No, you can't. boeingfixer got it right...the IRS/GPS or INS in old birds take care of that.
However when in long flights in the middle of nowhere and boredom kicks in, nothing like cross-checking your instruments with a good old CR3.
Wind triangle, anyone?

Regards,
B747FE.

 "Flying is more than a sport and more than a job; flying is pure passion and desire, which fill a lifetime"
 Starlionblue From Greenland, joined Feb 2004, 17668 posts, RR: 65 Reply 5, posted Wed May 25 2011 02:45:47 UTC (5 years 1 week 15 hours ago) and read 10150 times:

 Quoting YokoTsuno (Thread starter):You can't possibly derive that from the forward pointing pitot tubes alone, can you?

Quite. That only gives you indicated airspeed. Aerodynamically, the aircraft doesn't care if it is in in a tailwind or a headwind. It just cares about airspeed.

 "There are no stupid questions, but there are a lot of inquisitive idiots."
 YokoTsuno From Singapore, joined Feb 2011, 372 posts, RR: 0 Reply 6, posted Wed May 25 2011 07:02:17 UTC (5 years 1 week 11 hours ago) and read 10091 times:

Thank you very much for the anwers

 Quoting be77 (Reply 2):rotary telephones, leaded car gas

Are you referring to these?

http://en.wikipedia.org/wiki/Rotary_dial

Really? So you dial the guy who does the calculation for you .

 sprout5199 From United States of America, joined Feb 2005, 1866 posts, RR: 1 Reply 7, posted Thu May 26 2011 06:59:15 UTC (5 years 6 days 11 hours ago) and read 9948 times:

 Quoting be77 (Reply 2):Of course, I also remember using a slide rule, rotary telephones, leaded car gas, and a whole truckload of other stuff I DO NOT MISS!

or having to get up and change the channel on the TV. When I was young, I asked my Dad to buy a TV with a remote, his answer "we already have one, I just have you change the channel for me"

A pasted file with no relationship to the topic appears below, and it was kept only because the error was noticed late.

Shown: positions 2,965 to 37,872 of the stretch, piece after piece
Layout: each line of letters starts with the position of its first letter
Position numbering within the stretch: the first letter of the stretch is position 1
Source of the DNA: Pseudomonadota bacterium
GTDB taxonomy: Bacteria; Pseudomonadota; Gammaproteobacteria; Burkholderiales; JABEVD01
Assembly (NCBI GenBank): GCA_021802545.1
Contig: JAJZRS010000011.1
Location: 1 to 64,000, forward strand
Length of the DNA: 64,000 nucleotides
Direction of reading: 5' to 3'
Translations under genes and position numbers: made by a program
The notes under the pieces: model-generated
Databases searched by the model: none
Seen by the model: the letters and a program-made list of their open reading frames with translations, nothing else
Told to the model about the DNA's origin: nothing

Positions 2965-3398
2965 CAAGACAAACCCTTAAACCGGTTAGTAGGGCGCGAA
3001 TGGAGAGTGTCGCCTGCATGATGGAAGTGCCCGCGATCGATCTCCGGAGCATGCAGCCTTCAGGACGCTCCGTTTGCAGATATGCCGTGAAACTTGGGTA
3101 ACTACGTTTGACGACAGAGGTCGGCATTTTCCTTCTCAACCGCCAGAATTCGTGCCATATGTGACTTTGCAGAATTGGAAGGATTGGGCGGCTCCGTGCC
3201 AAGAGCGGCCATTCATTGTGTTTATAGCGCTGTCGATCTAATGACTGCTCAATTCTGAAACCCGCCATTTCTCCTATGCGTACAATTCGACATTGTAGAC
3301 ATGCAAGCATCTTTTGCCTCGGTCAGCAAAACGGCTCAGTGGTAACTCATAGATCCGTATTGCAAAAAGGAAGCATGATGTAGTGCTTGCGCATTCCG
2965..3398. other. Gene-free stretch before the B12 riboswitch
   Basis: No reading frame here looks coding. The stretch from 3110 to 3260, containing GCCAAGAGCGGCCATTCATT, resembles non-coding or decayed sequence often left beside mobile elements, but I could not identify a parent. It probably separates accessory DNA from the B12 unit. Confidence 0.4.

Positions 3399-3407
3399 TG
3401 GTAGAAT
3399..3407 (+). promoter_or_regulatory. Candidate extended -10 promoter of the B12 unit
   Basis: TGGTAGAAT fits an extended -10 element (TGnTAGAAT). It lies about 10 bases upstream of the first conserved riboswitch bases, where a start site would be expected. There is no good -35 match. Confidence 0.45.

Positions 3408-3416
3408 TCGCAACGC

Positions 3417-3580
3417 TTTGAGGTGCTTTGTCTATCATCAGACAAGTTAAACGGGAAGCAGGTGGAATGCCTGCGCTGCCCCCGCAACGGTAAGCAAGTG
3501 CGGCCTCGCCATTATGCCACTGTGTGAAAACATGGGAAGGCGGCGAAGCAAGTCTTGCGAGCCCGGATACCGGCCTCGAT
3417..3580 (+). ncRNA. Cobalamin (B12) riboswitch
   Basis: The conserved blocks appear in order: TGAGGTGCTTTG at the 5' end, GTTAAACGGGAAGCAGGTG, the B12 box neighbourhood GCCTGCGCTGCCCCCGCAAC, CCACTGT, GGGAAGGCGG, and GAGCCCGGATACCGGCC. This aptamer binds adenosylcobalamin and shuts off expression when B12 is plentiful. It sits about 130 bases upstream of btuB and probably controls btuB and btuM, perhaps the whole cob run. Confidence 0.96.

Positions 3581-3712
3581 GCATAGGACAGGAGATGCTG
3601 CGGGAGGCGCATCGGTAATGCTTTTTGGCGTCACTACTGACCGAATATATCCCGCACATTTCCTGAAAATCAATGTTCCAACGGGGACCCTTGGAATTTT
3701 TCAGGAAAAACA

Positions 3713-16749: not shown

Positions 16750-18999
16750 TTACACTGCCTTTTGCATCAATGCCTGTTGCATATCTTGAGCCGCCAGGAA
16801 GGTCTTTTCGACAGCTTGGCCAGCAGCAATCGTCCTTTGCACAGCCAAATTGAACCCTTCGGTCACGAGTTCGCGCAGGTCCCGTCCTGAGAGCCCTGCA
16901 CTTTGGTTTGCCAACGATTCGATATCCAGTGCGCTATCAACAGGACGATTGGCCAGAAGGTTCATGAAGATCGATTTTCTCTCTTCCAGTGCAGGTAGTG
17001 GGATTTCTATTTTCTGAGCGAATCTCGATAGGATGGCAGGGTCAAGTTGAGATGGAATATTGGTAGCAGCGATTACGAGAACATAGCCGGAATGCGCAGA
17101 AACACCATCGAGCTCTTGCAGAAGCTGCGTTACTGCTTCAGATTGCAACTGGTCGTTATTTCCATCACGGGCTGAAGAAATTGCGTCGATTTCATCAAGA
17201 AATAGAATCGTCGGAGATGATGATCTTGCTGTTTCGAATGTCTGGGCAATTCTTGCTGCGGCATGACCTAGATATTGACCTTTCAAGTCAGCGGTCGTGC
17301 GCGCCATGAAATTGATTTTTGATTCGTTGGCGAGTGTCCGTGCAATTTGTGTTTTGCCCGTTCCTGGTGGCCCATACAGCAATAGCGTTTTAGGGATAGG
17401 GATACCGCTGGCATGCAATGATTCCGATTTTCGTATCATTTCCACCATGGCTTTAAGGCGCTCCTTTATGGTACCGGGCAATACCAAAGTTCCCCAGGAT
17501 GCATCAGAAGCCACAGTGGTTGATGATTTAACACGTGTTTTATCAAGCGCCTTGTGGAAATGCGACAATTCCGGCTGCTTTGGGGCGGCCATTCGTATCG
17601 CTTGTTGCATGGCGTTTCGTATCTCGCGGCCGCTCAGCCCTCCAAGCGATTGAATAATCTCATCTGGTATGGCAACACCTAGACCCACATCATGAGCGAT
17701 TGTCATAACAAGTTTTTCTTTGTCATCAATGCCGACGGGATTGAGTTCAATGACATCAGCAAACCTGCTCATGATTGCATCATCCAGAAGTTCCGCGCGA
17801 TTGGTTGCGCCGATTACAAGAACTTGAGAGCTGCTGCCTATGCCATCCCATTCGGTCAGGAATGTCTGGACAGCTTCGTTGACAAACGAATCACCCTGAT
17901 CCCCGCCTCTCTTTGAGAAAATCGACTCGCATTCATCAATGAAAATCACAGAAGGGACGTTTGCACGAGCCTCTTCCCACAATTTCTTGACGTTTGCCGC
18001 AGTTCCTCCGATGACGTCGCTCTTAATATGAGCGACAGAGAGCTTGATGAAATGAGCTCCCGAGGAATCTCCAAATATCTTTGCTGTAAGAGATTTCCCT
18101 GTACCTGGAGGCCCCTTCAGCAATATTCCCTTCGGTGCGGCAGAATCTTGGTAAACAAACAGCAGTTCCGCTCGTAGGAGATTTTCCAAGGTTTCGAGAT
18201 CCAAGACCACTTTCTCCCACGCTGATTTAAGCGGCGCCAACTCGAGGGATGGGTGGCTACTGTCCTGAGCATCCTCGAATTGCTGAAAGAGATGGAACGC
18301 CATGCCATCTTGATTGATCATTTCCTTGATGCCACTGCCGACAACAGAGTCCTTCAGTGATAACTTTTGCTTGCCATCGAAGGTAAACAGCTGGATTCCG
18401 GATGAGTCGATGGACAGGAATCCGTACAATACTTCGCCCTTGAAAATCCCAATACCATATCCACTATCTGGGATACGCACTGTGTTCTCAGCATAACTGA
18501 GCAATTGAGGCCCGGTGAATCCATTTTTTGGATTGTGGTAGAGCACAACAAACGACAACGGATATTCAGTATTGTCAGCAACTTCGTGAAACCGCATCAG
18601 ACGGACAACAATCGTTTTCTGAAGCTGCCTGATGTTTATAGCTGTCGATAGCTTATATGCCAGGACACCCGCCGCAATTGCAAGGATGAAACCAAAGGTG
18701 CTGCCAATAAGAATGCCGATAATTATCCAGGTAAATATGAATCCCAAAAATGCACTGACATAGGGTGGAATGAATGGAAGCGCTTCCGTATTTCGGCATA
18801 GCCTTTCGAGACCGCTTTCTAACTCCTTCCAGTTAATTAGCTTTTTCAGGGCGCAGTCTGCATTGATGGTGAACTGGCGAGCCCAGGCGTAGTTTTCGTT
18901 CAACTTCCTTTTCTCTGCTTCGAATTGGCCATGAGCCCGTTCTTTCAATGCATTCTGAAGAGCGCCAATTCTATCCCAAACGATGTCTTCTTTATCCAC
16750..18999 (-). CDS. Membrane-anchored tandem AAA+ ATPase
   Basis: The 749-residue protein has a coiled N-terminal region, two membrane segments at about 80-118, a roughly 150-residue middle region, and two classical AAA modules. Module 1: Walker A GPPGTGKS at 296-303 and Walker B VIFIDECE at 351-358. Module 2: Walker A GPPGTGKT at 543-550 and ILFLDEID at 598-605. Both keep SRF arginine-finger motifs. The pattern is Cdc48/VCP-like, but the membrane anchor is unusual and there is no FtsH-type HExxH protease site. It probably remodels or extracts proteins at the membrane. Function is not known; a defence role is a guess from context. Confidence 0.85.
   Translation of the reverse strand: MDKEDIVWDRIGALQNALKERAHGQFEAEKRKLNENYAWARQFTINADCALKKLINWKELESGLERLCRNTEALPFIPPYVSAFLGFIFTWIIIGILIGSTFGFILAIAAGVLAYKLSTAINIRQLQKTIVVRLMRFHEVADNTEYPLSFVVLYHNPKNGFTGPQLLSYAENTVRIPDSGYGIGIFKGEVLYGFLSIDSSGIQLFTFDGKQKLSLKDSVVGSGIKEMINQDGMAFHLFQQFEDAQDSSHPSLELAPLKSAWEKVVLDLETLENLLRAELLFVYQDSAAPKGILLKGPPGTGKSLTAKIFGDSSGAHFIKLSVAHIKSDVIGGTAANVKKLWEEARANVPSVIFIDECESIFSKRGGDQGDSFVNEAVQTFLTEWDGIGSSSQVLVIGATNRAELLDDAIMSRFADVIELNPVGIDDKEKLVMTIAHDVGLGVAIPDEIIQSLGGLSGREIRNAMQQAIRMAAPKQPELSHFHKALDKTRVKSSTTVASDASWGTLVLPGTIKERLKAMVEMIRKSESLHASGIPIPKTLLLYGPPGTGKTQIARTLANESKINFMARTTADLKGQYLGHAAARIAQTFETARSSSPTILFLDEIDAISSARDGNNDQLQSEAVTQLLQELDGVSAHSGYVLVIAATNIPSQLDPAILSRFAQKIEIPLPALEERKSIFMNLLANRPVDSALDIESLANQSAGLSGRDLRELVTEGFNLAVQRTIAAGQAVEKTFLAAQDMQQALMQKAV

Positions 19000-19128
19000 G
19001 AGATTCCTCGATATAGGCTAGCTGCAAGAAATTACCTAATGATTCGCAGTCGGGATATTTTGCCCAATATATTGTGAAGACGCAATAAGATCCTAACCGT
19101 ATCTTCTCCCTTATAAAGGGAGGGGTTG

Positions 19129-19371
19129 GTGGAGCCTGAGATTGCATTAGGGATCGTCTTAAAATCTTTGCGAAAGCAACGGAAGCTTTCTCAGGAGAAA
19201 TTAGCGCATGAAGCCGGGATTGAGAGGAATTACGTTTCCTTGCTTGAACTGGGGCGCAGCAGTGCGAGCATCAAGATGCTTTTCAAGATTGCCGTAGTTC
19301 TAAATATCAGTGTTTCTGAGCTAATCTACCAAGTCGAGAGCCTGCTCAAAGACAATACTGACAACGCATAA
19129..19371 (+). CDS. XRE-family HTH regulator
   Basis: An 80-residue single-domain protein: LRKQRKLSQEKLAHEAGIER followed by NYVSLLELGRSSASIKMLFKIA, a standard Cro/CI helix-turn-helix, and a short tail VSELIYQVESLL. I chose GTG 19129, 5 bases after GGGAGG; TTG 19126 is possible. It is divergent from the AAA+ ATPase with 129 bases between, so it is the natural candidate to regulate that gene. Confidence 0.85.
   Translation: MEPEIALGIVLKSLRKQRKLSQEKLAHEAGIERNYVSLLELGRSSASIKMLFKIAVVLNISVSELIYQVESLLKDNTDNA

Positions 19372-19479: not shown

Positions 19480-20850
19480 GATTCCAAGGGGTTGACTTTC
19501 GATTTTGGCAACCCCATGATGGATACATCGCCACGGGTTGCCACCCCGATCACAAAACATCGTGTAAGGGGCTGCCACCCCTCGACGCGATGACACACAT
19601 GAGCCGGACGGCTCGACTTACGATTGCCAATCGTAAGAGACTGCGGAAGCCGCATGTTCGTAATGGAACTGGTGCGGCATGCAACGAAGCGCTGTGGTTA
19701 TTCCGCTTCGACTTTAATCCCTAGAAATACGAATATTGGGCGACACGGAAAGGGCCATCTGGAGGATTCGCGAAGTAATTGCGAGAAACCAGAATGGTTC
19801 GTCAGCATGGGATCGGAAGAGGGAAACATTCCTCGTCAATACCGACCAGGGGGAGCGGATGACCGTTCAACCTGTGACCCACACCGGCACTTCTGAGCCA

Dan in Jupiter

 be77 From Canada, joined Nov 2007, 455 posts, RR: 0 Reply 8, posted Thu May 26 2011 12:18:12 UTC (5 years 6 days 6 hours ago) and read 9866 times:

 Quoting YokoTsuno (Reply 6):Really? So you dial the guy who does the calculation for you

Heh heh - yes, one of those. I even spent a summer job fixing / refurbishing them at the local phone co warehouse.
Problem with your idea of calling someone to do the calculation though is that as strange as it sounds, we didn't have cell phones either. Does anyone know if there is an Iphone app to let you dial using rotary movement, hopefully with the clicking sounds and all?

 Quoting sprout5199 (Reply 7):or having to get up and change the channel on the TV. When I was young, I asked my Dad to buy a TV with a remote, his answer "we already have one, I just have you change the channel for me

How on earth did I not remember that...of course, we only had two channels (CBC English, and CBC French), we we only had to walk over to the TV to turn it on or change the volume. (And yes, it was uphill both ways through 6 feet of snow to get to school!).

 Tower, Affirmitive, gear is down and welded